Wireless keyboards and mechanical switches don’t go together. Or, at least, they haven’t before. There are plenty of sensible reasons for the divide between the two technologies, primary of which is the usual proximity between keyboard and PC. Why tack on the extra cost of a wireless interface when the average mech-user is more interested in a flashy, ostentatious, loud experience, one they’ll be having at their desk? Why add input lag when the key market for mechanical keyboards is gamers, a group that demands instantaneous response from its peripherals?
Switch type: Logitech Romer-G
Form factor: Full size
Media keys: Yes
Macro keys: 6
N-key rollover: 10 keys
USB passthrough: No
Logitech has not put out this high-profile wireless release without a few answers to those questions, the first of which is to strip back the experience as far as possible. For many potential users, we expect the lack of modern conveniences will be a blissful relief from the gimmick-heavy keyboard market of 2017. There’s no battery-sucking RGB, or any lighting at all beyond the occasional connection LED and indicators for Caps Lock and the level of its AA batteries. There’s no pass-through of any kind, presumably because firing audio through it would likely ruin the wireless response time. There’s no harsh angles, unusually-molded keys, or chrome-plastic effigies to some alien god.
What is there is as functional as it is aesthetically mute. A black and gray color scheme with the merest hint of blue, a set of comfortably shaped and clearly labeled (though not double-shot) keys, and Romer-G keyswitches, a co-development between Logitech and Omron, with a high actuation bump, and a satisfying soft feel. Like other Romer-G devices, there’s a harmonic ring to the many springs inside the G613 that sings out if you hammer it hard, but otherwise we’re more than happy with the experience of typing on them. They’re not as tooth-looseningly loud as many switches you’ll find, but that’s probably for the best.
Outside the main components, there’s an integrated wrist rest, non-detachable, which deepens the G613’s footprint, and means it’s a joy to use on an outstretched lap. There’s a string of six macro keys on the left edge, of which only two are realistically reachable with the pinkie of a game-positioned hand, which limits their immediate usefulness somewhat. There’s a set of clicky media microswitches, and a row of connection options—a Windows key-blocking game mode toggle, and buttons to select between Bluetooth operation and Logitech’s LightSpeed interface.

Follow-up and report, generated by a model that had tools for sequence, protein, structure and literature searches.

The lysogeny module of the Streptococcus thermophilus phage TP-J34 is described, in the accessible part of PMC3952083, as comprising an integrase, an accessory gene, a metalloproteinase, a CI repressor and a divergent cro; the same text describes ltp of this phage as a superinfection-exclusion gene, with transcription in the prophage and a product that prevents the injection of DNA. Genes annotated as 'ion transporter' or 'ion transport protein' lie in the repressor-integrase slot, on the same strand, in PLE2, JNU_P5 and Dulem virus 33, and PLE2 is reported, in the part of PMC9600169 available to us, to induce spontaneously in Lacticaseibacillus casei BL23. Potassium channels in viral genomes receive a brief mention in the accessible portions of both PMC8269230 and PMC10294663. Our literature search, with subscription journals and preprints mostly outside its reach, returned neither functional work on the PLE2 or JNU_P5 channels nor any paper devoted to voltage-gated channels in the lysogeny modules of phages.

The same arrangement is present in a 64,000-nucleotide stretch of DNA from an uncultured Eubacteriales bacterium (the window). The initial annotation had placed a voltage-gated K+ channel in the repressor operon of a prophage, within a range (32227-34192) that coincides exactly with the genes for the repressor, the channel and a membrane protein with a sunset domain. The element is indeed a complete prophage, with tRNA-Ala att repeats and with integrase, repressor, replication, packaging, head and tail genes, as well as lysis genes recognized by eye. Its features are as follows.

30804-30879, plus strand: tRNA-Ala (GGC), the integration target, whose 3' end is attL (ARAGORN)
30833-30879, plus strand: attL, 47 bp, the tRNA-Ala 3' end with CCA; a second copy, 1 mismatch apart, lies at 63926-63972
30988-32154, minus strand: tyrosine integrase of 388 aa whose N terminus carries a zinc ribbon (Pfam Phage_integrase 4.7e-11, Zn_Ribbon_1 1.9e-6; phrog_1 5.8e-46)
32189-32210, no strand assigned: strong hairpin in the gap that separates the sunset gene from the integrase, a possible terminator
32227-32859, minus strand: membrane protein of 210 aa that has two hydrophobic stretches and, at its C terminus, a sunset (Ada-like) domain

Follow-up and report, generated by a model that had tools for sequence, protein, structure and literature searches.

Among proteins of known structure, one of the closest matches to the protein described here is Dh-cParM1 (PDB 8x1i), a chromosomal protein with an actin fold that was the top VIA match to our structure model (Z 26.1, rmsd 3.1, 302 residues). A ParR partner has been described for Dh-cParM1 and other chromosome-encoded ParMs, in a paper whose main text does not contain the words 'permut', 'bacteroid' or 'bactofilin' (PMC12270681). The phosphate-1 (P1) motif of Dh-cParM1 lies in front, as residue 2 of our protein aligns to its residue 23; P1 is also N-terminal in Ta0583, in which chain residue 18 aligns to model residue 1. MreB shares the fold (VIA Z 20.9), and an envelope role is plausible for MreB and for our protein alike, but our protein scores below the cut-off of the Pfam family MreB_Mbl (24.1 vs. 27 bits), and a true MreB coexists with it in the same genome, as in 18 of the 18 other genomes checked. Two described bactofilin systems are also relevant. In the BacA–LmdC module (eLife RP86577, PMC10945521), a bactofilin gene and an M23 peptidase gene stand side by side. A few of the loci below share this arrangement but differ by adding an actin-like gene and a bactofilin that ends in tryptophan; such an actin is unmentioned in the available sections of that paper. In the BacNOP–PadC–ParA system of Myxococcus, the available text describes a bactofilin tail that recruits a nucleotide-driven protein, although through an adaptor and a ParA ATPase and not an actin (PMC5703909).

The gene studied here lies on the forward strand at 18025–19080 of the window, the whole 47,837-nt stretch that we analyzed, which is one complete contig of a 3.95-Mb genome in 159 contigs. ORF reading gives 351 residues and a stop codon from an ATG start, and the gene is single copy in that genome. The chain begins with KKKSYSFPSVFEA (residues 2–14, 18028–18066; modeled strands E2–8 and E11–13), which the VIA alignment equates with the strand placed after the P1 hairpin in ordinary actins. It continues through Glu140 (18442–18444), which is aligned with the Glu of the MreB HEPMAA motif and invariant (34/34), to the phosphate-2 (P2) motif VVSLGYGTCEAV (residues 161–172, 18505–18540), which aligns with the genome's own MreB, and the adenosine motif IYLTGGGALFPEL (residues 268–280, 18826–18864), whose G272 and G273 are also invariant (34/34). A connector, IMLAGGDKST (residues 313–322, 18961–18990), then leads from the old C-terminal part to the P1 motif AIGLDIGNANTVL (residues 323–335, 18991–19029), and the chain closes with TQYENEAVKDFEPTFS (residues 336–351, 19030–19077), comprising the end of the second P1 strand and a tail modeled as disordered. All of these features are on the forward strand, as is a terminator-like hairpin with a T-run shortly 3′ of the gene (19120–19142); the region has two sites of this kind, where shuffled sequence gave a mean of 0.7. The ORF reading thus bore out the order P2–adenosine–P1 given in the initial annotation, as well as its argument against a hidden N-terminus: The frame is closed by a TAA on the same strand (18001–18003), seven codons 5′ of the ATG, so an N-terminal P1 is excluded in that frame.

About that, then. LightSpeed is some kind of proprietary wireless wizardry straight out of Logitech’s labs, and the thing that’s probably most remarkable about this keyboard. It drags down input lag to a claimed 1ms. We believe it, too: There’s not a shred of sluggishness about the G613, no dropped inputs, a great range. It drops to standby after a couple of minutes, yet wakes instantly on any keypress. On LightSpeed, it’s very easy to forget that you’re using a wireless keyboard at all.
This does bring us back to our original point, though. While its gray button- down staidness does have a certain retro-classic appeal, and Logitech has clearly taken a little inspiration from the enthusiast market in terms of the old- school key labels, we can’t help but feel that the wireless functionality means you lose a lot that a cable might otherwise make trivial. The addition of Bluetooth is a nice touch, particularly as it means you can hook the G613 to a second device and quickly switch to it, but it’s not enough to make this essential.
Judged by its merits alone, Logitech’s G613 is an excellent keyboard, and LightSpeed is a tremendous wireless technology, but we wouldn’t consider paying a full $150 for it if it were a wired model. If you absolutely must have mechanical action, and can only sit 10 feet away from your PC, at last you have a solution—but compromise on just one of those factors, and there are cheaper and more feature-rich keyboards out there that’ll serve you just as well.